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[Editorial] Pro-N. Korean, Not Pan-Korean

Posted June. 25, 2009 09:06,   


Prosecutors have indicted Pan-Korean Alliance for Reunification Chairman Lee Gyu-jae, Secretary General Lee Gyeong-won, and propaganda staff member Choi Eun-ah on the charge of abetting the enemy. They are suspected of getting government approval to visit North Korea or meet North Koreans under the pretext of inter-Korean cooperation. They are also known to have received orders from North Korean spies near Mount Kumgang and in China, and acted on the orders from 2003 to 2007. This explains why the alliance has used the same slogans as those broadcast by North Korean media in illegal and violent demonstrations in South Korea. Under orders from Pyongyang, the leftist group has supported the North’s nuclear test and praised the Stalinist country’s juche (self-reliance) ideology and military-first policy. The alliance has also asked Seoul to remove the statue of U.S. Gen. Douglas MacArthur in Incheon and taken the lead in protests against the relocation of the U.S. Forces Korea to Pyeongtaek, Gyeonggi Province.

The alliance was formed in 1990 as a part of the reunification strategy of the Unification Front Department, a spy agency under the North Korean Workers’ Party. After publicly supporting the North’s reunification model based on federalism, withdrawal of U.S. forces from South Korea, and the abolition of the National Security Law, the alliance was branded an organization abetting the enemy by the Supreme Court in 1997. Yet it continues to operate. Pyongyang calls the alliance a “patriotic organization,” and even sends letters to leading figures of the group to encourage them. One of the figures included the alliance’s vice chairman Kim Gyu-chil, who was arrested by South Korea in 2001.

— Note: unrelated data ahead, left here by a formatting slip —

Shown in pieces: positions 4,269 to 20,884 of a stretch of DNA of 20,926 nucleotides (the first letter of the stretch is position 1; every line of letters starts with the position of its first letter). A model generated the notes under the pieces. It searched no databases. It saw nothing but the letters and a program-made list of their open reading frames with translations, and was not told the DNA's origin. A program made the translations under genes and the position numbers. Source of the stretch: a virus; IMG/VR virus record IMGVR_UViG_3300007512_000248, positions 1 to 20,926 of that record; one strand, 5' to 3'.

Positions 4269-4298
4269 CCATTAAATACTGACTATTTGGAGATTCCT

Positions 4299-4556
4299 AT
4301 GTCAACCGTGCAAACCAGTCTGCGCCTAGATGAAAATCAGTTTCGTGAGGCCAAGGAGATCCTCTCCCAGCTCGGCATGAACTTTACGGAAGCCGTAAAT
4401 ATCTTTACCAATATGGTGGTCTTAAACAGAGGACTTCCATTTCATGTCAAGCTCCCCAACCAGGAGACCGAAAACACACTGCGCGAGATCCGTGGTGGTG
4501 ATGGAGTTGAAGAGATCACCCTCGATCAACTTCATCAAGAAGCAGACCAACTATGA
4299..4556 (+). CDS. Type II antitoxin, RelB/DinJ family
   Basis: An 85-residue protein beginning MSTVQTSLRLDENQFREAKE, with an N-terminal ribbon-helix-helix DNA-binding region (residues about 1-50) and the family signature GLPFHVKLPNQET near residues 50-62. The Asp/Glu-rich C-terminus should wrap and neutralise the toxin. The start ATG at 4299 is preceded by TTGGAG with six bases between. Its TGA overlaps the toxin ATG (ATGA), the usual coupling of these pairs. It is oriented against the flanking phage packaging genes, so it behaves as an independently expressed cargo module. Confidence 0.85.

Nevertheless, previous liberal administrations in the South led by Kim Dae-jung and Roh Moo-hyun effectively aided the alliance, which led anti-American and pro-North Korea gatherings. The Roh government effectively supported the alliance’s acts abetting the enemy by ignoring prosecutors’ opinions and allowing alliance members to visit North Korea three times.

The group’s founding chairman Kang Hee-nam killed himself June 6 at age 89. He left a will saying, “We live in an era led by the people. Remember the April 19 (1960 student) revolution and the June civic uprising (1987 pro-democracy movement). Only the general public can help the nation move in the right direction. Let’s get rid of murderer Lee Myung-bak via a second June uprising.” His will well reflects the character of the organization.

Today is the 59th anniversary of the Korean War. If U.N. forces did not arrive to face North Korea’s attack, South Korea would not have the freedom and prosperity it enjoys now. Nevertheless, those who criticize MacArthur’s 1950 Incheon landing and demand withdraw of U.S. forces from South Korea still exist. Worse, the alliance is not the only organization in the South that supports the North’s recent nuclear test.

South Koreans who do not take national security as seriously as post-war generations have are accounting for an increasingly large share of the population. The decade-long “sunshine policy” has apparently lowered the South Korean public’s guard against the North. Given the nasty character of the unification alliance, South Koreans should recognize that North Korea will never give up its plan to communize the South.